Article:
Merrill Lynch bullish on Asian telecom bonds

Merrill Lynch predicts 3G costs will weigh less on Asian telecoms than on their European counterparts, boosting the relative value of Asian telecom bonds.

Asian telecommunications company bonds could outperform those of their European counterparts as their credit ratings are unlikey to be as dented by high third-generation license costs, according to a report by Merrill Lynch.

European telecommunications companies including British Telecom, France Telecom and Deutsche Telekom have seen their credit ratings drop after they paid high prices for European 3G licenses. Third generation licenses allow higher data transmission rates than existing second-generation standards.

"You're not buying the same credit story in Asia as you are in Europe," says Jason Carley, head of fixed income credit research at Merrill Lynch in Hong Kong. "Even in Korea, Hong Kong and Australia, where demand for 3G will be higher than other areas in Asia, the prices won't be anything like what they have been in Europe."

That's because unlike in Europe, where the big telecom companies are striving to build pan-European networks, and therefore need to win 3G licenses in each country, regulatory constraints on ownership are likely to limit the ability of Asian carriers to build networks than span Asia. In addition, many telecom companies are focussing on enhancing their 2G networks, where there is still potential for growth.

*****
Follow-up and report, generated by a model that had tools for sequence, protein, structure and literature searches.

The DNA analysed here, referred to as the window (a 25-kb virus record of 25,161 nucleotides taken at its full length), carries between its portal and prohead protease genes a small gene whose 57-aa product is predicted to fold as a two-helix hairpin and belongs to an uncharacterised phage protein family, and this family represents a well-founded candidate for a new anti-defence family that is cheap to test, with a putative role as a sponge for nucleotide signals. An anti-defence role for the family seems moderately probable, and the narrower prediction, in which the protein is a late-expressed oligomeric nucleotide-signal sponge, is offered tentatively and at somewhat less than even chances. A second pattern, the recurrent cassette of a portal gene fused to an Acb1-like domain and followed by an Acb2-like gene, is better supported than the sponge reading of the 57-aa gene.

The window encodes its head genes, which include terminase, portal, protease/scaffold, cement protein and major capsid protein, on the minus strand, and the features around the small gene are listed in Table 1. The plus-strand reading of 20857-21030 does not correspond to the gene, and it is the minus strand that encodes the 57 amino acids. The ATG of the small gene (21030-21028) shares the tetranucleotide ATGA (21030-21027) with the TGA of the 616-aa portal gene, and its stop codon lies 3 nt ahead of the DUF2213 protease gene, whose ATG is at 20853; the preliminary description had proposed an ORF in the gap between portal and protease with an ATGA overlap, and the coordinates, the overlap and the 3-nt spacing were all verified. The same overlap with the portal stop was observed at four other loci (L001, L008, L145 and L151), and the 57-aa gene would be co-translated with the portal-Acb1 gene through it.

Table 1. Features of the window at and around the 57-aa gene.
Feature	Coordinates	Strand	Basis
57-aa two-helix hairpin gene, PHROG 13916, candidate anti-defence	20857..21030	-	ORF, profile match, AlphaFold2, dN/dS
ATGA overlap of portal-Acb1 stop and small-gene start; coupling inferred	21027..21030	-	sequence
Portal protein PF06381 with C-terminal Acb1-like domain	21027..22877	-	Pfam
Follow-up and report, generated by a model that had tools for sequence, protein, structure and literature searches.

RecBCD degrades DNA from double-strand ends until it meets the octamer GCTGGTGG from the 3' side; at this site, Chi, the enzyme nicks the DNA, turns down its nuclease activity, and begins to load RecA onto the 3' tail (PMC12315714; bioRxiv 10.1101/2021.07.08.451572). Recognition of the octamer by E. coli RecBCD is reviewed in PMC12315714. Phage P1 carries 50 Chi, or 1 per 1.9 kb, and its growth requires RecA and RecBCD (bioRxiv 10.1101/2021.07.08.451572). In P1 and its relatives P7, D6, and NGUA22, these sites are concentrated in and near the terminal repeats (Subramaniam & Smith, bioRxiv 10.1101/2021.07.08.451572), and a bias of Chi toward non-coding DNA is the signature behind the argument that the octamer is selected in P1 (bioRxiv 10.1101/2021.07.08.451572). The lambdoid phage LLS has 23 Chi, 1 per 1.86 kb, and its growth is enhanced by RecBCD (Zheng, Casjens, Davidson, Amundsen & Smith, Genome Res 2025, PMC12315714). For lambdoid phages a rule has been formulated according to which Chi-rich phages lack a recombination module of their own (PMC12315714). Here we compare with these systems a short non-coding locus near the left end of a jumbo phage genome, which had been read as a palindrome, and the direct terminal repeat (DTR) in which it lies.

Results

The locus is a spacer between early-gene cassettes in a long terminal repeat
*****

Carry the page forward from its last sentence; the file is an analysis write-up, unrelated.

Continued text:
"The affordability of telecommunications services in the less developed Asian markets makes 3G almost irrelevant," Merrill's report says.

There will still, however, be factors weighing on the credit ratings of Asian telcos. In addition to funds needed for 3G licenses (albeit relatively small compared to Europe), many companies expect to increase capital expenditure to build out their networks and invest in new technology.

Asian telecom companies could issue as much as $6 billion in bonds over the next 18 months as they seek to finance this expansion, Carley says. Some of those bonds will be issued in local currencies, but there will likely also be a swing back to bonds issued in dollars, yen and euros for bigger, longer-term bonds.

"Companies looking for access to a larger investor base will tend to go for issues in G3 currencies," he says. "For large capital expenditures you tend to want longer maturity and larger issues than you can do in local currencies."

While there's an ample supply of European telecommunications bonds, the Asian market has been undersupplied. The new issues, expected mainly from the big telecom incumbents such as Singapore Telecommunications, Korea Telekom and Telekom Malaysia, will give investors a chance to build or diversify their portfolios in the region.

"Our view is that bonds currently in the market are quite cheap, which is not true in general of most corporate Asian bonds." says Carley. "When you look at spreads in Thailand, Malaysia, Hong Kong, you see that bonds are trading very tightly to their international peers; there's no Asian premium. Telecoms is an area where there's still some value left."

Among existing issuers, Merrill recommends Korea Telecom, Philippine Long Distance Telephone (PLDT) and the Thai telecom companies. Korea Telecom is the highest rated telecom issuer in Asia outside Japan and Merrill believes its bonds are attractive relative to other Korean issues. In the case of PLDT Carley says the bonds trade at recent historically wide spreads to even Latin American benchmarks. And Total Access Communications of Thailand has seen its financing risk reduced since Telenor invested in the company earlier this year.


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